And so I invite you to make your own versions of one or both of these pieces by one of the great poets of the ancient world. If accuracy is your watchword, the Internet Sacred Texts Archive will give you an idea of what the surviving poems look like in the original, even if you have no Greek. But don't worry too much about precision; you can be as faithful or as faithless as you like. For a poet as polymorphous as Sappho, fidelity would be something of a betrayal.

Monday, February 16, 2015

First Love by Joan Margarit

First Love 
by Joan Margarit

The Catalan poet explores brutality, love and death in a lifelong journey that begins with the secret purchase of a knife as a child

First Love
In the dreary Girona of my seven-year-old self,
where postwar shop-windows
wore the greyish hue of scarcity,
the knife-shop was a glitter
of light in small steel mirrors.
Pressing my forehead against the glass,
I gazed at a long, slender clasp-knife,
beautiful as a marble statue.
Since no one at home approved of weapons,
I bought it secretly, and, as I walked along,
I felt the heavy weight of it, inside my pocket.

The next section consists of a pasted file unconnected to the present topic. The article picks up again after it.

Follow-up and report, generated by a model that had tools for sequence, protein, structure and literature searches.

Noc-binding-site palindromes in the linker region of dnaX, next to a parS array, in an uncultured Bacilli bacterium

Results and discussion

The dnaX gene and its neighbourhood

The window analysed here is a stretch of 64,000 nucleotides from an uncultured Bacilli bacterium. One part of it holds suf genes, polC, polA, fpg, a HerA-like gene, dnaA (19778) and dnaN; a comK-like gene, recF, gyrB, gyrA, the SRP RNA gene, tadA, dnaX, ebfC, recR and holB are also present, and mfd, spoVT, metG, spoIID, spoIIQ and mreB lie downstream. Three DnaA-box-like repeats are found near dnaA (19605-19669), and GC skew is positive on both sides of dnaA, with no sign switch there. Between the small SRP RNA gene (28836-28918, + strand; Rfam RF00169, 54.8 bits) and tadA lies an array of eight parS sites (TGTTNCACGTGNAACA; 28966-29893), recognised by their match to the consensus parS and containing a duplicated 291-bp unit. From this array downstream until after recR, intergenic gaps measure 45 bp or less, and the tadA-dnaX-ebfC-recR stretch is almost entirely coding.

From time to time I would open it slowly,
and the blade would spring out, slim and straight,
with the convent chill that a weapon has.
Hushed presence of danger:
I hid it, the first thirty years,
behind books of poetry and, later,
inside a drawer, in amongst your knickers
and amongst your stockings.
Now, almost fifty-four,
I look at it again, lying open in my palm,
just as dangerous as when I was a child.
Sensual, cold. Nearer my neck.

First Love (Primer Amor) first appeared in English in the 2006 Bloodaxe edition of Joan Margarit’s poems, Tugs in the Fog: Selected Poems, translated from Catalanby Anna Crowe. It was originally published in Els Motius del llop (The Motives of the Wolf) in 1993. A subsequent collection of Margarit’s translated work,Strangely Happy, appeared in 2011.